As a manager, would you like your team to always demonstrate a collaborative behavior? I imagine so. Is that the case? Perhaps not all the time, as the reality of organizations brings its share of daily challenges, which sometimes causes some employees to behave in ways not only harmful to the team, but also to the work environment. Have you ever had a difficult employee on your team? How did it impact you and your team? It might have impacted morale, confidence, work climate and possibly your desire to come to work. The impact of a difficult employee can be major on you and your team, both in terms of well-being and performance. It is therefore important to ACT, dissociating the behavior of the person, listening to the employee’s point of view and engaging them in the next steps. Have you ever brushed off a difficult conversation with an employee? You might have thought the situation will solve itself as this person in question did not manifest such behaviour previously or because the stressful project will soon be coming to an end. This is not the solution.
So ACT, but how? Here are 3 tips for managing a difficult employee.
Separate the behavior from the person. Even if everything points to the person being intentionally harmful, odds are that the behaviour is in response to something else. Before acting, anchor yourself in a healthy mindset. You must be convinced that you and the difficult employee want to work together in order to find a solution. Assume that the person wants to find a solution as much as you do.
For example, your employee constantly complains about other teams and their slow pace during collaborations. Try dissociating this behavior from the individual, consider the complaints at hand as the challenge to focus on. If you focus on reducing or even eliminating the complaints, but not on resolving the impatience of your employee, it will be easier for you to approach and will seem less aggressive to the employee.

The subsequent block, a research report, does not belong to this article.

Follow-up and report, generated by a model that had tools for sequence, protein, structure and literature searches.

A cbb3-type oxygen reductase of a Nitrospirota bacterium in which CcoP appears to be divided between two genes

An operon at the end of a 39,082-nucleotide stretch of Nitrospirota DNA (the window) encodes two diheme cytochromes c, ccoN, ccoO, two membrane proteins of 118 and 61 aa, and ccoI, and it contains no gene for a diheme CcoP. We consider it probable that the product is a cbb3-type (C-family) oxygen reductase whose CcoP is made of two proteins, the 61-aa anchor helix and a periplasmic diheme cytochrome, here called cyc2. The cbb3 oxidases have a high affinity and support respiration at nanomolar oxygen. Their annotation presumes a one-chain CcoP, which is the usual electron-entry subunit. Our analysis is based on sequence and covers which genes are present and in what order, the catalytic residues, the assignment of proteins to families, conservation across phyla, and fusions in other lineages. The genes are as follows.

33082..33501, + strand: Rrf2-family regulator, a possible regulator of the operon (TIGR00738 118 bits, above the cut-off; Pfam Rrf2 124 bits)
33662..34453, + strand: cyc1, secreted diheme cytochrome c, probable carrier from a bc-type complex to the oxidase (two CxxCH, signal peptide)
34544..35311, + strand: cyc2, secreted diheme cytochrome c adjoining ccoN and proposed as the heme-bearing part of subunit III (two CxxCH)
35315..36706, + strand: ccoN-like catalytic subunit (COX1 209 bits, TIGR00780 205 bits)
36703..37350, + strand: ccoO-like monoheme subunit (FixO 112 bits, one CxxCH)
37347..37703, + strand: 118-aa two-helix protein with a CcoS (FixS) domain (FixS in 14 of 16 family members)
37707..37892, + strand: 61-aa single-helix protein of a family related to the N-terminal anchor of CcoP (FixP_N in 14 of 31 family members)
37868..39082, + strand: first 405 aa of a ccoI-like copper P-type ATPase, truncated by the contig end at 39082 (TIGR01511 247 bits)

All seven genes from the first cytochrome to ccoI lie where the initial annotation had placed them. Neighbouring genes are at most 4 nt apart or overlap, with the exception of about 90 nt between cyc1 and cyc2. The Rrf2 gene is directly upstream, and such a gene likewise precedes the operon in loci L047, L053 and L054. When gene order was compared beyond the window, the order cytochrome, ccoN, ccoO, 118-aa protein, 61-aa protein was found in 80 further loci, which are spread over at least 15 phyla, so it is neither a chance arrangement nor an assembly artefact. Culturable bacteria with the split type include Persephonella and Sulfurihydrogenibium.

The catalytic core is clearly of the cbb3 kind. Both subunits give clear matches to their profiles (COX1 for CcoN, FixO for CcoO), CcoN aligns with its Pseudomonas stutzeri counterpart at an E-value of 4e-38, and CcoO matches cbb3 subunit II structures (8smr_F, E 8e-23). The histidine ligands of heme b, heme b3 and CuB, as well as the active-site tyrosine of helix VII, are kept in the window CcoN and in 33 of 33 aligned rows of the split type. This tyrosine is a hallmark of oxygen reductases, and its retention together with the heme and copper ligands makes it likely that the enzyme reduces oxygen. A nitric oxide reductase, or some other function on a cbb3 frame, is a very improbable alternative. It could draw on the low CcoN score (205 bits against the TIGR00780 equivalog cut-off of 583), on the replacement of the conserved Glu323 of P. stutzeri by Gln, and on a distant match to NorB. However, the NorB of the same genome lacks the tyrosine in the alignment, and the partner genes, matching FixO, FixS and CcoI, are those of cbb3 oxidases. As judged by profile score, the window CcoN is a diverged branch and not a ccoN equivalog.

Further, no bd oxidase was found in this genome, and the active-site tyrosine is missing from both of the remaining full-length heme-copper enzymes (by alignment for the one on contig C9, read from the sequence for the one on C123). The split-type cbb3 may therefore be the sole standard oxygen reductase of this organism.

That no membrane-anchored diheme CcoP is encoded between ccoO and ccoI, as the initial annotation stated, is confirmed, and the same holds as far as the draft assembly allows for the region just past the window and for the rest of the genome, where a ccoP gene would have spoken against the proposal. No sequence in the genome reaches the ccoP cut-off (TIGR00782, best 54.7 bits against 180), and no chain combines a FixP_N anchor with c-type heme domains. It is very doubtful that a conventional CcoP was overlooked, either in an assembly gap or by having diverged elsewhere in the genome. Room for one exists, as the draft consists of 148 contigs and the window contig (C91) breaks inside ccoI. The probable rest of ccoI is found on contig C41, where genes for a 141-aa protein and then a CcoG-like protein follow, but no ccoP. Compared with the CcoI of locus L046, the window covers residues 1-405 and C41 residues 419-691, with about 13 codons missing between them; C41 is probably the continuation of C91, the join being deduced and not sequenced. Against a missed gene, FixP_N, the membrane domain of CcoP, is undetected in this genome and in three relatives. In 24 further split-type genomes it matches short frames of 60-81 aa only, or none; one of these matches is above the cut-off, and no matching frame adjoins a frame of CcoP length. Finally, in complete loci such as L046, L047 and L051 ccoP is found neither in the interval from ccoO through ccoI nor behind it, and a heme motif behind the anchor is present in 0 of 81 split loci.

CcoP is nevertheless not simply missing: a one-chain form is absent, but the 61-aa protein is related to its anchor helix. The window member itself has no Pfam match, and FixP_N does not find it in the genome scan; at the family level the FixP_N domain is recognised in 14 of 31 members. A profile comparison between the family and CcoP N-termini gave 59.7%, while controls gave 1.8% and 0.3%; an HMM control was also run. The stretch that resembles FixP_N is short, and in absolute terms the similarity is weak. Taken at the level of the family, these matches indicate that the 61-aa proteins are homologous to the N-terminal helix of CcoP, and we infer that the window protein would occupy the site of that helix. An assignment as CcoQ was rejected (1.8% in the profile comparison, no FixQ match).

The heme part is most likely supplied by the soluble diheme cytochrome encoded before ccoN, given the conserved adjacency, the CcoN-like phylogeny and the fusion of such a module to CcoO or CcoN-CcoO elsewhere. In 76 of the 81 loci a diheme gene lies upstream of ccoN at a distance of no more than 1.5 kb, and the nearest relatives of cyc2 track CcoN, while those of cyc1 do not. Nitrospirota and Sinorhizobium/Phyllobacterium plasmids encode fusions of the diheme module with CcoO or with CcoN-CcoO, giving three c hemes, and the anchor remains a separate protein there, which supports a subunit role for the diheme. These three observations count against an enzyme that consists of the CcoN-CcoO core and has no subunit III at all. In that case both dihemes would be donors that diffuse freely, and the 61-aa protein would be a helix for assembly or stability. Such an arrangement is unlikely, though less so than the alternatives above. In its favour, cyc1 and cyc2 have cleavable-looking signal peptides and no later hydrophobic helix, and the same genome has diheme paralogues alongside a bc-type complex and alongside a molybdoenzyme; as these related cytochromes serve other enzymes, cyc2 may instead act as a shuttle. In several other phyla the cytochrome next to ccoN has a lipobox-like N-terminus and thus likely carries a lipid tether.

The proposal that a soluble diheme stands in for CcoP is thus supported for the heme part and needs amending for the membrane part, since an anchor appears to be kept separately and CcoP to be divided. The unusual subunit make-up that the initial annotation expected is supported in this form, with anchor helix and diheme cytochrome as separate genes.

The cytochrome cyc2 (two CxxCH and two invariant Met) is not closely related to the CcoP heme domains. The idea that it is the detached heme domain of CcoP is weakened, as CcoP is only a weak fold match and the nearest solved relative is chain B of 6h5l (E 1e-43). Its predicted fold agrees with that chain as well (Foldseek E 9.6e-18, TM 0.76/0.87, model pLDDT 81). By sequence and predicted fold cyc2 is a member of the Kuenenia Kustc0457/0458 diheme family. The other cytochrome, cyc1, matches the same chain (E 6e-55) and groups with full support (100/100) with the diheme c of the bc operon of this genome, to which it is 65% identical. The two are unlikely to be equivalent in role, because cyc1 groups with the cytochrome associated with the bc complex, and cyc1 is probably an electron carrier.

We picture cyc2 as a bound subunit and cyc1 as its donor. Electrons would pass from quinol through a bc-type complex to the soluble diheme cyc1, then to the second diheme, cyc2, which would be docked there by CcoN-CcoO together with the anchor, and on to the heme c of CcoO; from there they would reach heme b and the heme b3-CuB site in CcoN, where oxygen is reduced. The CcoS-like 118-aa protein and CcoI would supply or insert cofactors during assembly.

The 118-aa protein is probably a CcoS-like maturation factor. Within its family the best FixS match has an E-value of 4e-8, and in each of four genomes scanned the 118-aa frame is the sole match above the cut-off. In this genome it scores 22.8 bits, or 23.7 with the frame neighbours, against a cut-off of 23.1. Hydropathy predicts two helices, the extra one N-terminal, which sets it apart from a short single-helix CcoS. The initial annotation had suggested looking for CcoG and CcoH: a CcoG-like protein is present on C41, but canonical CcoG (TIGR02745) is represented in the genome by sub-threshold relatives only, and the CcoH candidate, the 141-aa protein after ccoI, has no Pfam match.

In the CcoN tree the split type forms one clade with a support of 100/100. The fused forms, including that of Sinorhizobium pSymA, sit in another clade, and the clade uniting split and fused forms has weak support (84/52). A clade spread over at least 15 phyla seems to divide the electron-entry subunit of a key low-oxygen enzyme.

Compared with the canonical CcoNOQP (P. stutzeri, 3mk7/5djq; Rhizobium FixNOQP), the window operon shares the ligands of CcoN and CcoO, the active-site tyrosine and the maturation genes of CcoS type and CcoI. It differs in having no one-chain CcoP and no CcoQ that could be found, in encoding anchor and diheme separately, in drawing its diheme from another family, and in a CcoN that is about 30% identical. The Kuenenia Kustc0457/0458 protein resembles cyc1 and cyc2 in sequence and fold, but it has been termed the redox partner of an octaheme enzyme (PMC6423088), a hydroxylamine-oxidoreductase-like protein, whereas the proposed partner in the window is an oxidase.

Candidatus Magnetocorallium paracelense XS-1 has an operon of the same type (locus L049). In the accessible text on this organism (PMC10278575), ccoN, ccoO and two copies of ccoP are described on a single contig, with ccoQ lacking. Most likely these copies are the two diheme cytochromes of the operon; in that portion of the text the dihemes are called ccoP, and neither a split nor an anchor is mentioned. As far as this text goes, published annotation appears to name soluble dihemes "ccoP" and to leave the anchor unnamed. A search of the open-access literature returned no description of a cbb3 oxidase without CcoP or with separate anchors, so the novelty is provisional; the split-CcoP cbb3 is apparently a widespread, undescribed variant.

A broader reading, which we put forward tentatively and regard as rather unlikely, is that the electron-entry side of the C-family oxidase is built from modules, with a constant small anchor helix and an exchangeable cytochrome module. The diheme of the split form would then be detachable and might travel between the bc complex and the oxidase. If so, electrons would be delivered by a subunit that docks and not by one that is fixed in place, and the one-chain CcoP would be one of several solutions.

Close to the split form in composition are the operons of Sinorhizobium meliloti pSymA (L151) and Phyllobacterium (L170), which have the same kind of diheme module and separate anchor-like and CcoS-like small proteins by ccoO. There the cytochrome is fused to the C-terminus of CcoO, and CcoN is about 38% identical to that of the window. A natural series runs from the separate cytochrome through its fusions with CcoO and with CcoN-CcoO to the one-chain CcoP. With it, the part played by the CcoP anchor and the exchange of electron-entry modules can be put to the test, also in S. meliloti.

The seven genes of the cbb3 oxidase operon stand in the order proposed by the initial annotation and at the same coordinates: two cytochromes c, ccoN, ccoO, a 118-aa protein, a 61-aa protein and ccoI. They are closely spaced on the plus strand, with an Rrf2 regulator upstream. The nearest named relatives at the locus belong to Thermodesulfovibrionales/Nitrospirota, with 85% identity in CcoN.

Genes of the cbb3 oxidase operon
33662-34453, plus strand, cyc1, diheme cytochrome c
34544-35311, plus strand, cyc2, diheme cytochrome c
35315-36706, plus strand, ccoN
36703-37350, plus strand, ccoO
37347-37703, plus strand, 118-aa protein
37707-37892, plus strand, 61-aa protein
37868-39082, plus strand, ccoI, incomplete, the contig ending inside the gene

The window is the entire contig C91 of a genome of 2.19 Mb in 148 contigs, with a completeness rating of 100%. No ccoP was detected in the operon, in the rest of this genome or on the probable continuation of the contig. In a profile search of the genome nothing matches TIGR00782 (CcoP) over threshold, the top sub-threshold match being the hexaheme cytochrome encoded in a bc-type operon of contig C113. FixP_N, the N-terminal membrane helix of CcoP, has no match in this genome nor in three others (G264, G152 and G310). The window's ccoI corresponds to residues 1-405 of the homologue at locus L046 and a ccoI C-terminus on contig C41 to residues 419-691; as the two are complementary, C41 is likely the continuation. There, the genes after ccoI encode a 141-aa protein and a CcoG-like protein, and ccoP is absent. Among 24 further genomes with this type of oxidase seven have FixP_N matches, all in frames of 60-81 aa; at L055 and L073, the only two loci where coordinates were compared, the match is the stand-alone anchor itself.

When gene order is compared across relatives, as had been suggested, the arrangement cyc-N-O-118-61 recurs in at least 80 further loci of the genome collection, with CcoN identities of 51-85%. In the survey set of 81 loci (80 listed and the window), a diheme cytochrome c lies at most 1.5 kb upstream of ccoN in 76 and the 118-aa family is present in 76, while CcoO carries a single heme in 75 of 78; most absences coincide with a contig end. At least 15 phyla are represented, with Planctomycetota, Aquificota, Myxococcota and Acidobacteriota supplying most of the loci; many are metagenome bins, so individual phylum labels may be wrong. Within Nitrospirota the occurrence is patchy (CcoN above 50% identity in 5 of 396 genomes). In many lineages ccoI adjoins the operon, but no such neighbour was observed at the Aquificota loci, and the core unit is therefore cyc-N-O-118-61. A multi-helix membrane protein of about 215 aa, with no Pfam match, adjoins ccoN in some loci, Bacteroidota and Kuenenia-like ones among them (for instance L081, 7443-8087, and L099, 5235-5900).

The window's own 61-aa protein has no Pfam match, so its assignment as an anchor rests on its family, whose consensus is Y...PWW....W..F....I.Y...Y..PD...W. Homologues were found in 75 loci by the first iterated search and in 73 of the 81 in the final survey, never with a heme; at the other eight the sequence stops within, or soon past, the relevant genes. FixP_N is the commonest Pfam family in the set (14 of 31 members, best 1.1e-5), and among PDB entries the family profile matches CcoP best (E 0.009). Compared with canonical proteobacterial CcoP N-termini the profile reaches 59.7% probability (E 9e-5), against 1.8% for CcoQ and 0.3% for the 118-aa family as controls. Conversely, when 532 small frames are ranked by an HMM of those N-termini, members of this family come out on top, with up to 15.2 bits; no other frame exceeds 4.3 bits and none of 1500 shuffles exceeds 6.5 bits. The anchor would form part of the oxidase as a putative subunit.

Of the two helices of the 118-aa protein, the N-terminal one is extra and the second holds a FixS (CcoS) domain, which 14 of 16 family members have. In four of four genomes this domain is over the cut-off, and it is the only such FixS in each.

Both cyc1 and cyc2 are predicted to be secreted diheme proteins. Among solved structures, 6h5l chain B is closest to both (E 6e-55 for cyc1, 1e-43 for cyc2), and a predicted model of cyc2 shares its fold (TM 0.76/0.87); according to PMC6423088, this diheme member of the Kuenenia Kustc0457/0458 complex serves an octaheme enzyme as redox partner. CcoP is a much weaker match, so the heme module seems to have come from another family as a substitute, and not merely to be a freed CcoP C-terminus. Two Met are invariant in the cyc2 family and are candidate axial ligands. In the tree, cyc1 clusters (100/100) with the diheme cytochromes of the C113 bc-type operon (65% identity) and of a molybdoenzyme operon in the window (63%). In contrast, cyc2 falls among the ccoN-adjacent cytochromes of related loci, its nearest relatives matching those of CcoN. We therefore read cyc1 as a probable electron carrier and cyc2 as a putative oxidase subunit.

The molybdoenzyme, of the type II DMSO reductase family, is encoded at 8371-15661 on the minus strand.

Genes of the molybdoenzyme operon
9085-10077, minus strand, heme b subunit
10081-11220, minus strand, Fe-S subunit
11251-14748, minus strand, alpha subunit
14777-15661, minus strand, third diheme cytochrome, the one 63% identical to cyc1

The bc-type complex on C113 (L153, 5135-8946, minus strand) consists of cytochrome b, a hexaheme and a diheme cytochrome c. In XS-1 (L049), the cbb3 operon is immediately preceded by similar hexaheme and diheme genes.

Meet the person following the 3-step feedback model. Firstly, get ready and take notes about what happened: the facts and the information. Share the facts with the person, withholding judgment or interpretation on their behavior. Then, ask for their opinion about said behavior. You must truly be open to really understanding their point of view. It’s more than simply respecting the process. Subsequently, share your experience, and the impact that this behavior has had on you and the team. Lastly, discuss next steps. The purpose of the discussion is to identify next steps in order to prevent the behavior from reoccurring.
For example, rather than saying, “I noticed that you often complain about other teams’’, go ahead and say, “I noticed that in our last 2 group meetings, you pointed out the time taken by other teams in relation to the contracts. Can you share your point of view? “.
Engage the person in determining the next steps. Imposing actions may not have the desired effect. Use the o2 coaching model, to help the person identify solutions and draw up their action plan. Be sure to set a next meeting to discuss progress.
For example, once you have finished sharing your experience and the impact of the behavior, follow through with an open-ended question, such as, “What would allow you to be successful in your collaboration with other teams? What are the possible options to reach that goal? “
Managing a difficult employee is one of the biggest challenges faced by all managers. We do not always know how to do it. We fear that our authority will be questioned should no change take place despite our action. We simply might not like confrontation, and we prefer to focus our energy on what we can control. However, as a manager, it’s part of our role. Fortunately, there are several tools to help us prepare and act should the situation occur. The sooner you act, the sooner the morale, confidence and work climate will return. Just like your desire to come to work! Contact us to share your experience or challenges!